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Is dh being an arse or am I oversensitive?

(10 Posts)
thedcbrokemybank Tue 03-Jan-17 00:13:31

This is fairly petty but stems from a build up of frustration on my part that nobody listens to a word I say in our house.
Tonight dh went to pick up eldest DC from a friend's house. We know the parents very well. I dropped DC off this afternoon and stayed for a coffee. I left after 20 minutes as I was mindful that dh was at MIL with other 3 DC. DH leaves to go and collect this evening just as we are about to start bath and bedtime. He is aware of the fact that I want to spend some one on one with elder DC once little ones are in bed. DS is also back at school tomorrow and had some bits to finish off in prep. Dh stays at friends for an hour and a half chatting. I do bath and bedtime by myself for the other 3. I sent him a message after 45 mins telling him to get back although signal is poor there. When he gets back I am pretty pissed off as all my plans have gone out of the window. It is too late for DD to start the activity we were going to do. Rather than apologising or acknowledging that I might be a bit annoyed, dh overcompensates with 'helpfulness". When I mention that I am cross I get "it is how it is now so we just need to deal with it". I am not allowed to be annoyed in front of the children because it is "inappropriate". I am left a seething mass of anger and frustration.
We have had a row tonight. I react much more emotionally to most things than he does. However I am always made to feel like my reaction is wrong rather than the behaviour that premeditated my reaction is wrong.
So am I just totally over reacting or is my dh actually being an arse?

Butterymuffin Tue 03-Jan-17 00:15:29

Isolated incident = overreaction. But you've said it isn't. So yes, he's being an arse.

DailyFail1 Tue 03-Jan-17 00:26:15

You need to tell him straight away when something is wrong. I would have called my DP while he was at friends house and expressed annoyance. That way he's under no illusions about your behaviour.

PovertyPain Tue 03-Jan-17 00:30:40

"it is how it is now so we just need to deal with it"

Translates to "I'll do what suits me and you have to suck it up."

iminshock Tue 03-Jan-17 00:48:02

I think a bit of both , but you are probably tired and the world will look better tomorrow

TheThingsWeAdmitOnMN Tue 03-Jan-17 00:52:43

He is being unreasonable telling you 'It's how it is now' and shutting you down, not taking any responsibility for his actions. It's not a third party over which neither of you has any control, HE caused the problem.

It's not inappropriate at all to tell him how annoyed you are that he ruined your plans, in front of the children.

Tell him to own his behaviour & to stop shutting you down to avoid doing so.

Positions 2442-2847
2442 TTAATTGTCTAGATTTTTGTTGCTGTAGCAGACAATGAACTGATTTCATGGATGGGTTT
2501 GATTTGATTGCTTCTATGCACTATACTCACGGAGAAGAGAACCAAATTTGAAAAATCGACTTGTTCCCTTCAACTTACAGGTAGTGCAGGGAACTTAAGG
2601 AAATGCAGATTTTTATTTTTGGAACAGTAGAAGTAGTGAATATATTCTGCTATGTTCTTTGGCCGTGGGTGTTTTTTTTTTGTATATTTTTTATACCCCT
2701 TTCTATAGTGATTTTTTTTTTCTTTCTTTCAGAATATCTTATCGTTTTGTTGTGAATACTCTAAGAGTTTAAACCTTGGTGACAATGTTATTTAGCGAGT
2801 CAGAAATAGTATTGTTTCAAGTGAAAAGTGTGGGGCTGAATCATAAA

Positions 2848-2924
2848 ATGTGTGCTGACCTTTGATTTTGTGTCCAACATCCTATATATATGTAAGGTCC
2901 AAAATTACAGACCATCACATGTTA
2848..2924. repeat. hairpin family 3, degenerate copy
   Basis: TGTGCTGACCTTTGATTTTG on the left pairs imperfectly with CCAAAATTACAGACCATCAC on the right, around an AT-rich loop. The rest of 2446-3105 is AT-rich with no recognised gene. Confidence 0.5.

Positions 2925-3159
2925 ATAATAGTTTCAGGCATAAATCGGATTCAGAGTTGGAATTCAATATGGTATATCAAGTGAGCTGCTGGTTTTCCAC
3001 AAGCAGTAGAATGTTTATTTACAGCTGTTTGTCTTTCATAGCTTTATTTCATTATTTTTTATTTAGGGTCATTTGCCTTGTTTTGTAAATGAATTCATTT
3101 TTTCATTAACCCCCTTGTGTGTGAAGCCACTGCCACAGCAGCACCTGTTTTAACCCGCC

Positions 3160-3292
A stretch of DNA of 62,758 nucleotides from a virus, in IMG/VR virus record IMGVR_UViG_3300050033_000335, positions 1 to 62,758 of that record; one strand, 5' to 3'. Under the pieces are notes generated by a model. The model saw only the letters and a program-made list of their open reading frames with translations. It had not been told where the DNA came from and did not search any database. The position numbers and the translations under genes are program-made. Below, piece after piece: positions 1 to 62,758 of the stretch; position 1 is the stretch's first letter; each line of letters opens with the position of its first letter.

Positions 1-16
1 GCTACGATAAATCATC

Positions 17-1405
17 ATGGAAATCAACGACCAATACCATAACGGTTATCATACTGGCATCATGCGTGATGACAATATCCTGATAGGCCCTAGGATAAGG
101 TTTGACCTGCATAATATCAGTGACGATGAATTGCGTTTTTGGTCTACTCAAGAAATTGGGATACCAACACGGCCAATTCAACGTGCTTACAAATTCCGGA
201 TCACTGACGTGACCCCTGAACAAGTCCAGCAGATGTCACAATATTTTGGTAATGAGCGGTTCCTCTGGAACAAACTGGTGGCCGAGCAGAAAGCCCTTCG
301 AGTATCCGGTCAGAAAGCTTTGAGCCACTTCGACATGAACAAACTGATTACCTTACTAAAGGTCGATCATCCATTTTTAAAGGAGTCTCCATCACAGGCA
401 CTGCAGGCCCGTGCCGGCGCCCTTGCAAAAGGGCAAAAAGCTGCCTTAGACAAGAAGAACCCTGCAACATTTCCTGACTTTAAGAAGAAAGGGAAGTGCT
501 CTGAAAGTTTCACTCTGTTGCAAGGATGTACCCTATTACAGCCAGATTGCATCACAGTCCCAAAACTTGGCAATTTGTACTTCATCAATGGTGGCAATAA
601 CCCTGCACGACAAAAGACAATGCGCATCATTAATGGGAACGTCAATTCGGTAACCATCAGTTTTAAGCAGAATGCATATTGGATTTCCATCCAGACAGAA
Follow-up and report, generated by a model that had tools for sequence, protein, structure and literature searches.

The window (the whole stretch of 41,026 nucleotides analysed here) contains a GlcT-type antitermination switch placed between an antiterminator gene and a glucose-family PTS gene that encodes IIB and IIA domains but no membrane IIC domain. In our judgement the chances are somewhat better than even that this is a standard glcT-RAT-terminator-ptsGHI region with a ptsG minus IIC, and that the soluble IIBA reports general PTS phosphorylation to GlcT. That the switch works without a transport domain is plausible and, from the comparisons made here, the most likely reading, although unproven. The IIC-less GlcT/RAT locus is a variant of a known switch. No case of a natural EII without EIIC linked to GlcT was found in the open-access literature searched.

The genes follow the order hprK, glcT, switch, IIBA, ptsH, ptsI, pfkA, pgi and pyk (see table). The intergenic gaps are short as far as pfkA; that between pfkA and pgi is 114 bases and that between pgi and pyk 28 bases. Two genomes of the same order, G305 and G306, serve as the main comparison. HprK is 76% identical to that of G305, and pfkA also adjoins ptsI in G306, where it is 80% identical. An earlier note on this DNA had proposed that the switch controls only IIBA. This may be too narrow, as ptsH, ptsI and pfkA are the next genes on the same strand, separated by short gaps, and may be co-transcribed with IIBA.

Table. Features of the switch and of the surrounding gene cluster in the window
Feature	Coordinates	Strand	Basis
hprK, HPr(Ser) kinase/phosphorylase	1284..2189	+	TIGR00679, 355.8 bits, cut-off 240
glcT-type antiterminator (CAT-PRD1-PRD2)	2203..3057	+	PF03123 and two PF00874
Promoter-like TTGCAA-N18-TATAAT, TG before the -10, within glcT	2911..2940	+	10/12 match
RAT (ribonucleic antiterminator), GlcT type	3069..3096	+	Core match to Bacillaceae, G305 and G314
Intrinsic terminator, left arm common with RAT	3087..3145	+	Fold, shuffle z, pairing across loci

Git

iminshock Tue 03-Jan-17 03:54:07

Like your dh I am very guilty of nipping out for 20 minutes and coming back an hour
And a half later confused

I can't help it. I'm terminally sociable and time just slips by

Jenniferb21 Tue 03-Jan-17 15:51:25

No. I'd tell him if you're upset it matters to you. It doesn't matter how minor it seems to him. As your husband he should support you and make you feel appreciated not make you feel like your feelings or opinions aren't important.

I had a similar issue with my DH not helping me enough with DS he thought I was overreacting. I just explained that I felt sad and under appreciated when he dismissed my feelings. It doesn't matter if it seems minor to him I'm upset and he should be supportive by changing his behaviour. He had to be fair. But it took a serious sit down conversation and I told him exactly what I needed more help with and why I'd been feeling upset.

Katy07 Tue 03-Jan-17 16:06:04

"it is how it is now so we just need to deal with it" Translates to "I'll do what suits me and you have to suck it up."
Or could equally mean "arguing now isn't going to change it and will actually make the current situation worse which won't help anyone".....

Bluntness100 Tue 03-Jan-17 16:15:37

Did the activity absolutely need to be done tonight? I think you're both being unreasonable, yes he should maybe not have stayed so long, but is it really worth the argument that he did? I think he has a point in the fact it's done now so move on. You are right that it's fairly petty, so To turn into a "seething mess of anger and frustration " is an over reaction, no doubt about it.

You should both make more of an effort. He needs to understand how you react if things don't happen exactly to your schedule and to your plans snd try to allow you more control and you need to understand you over react and try to be more flexible.

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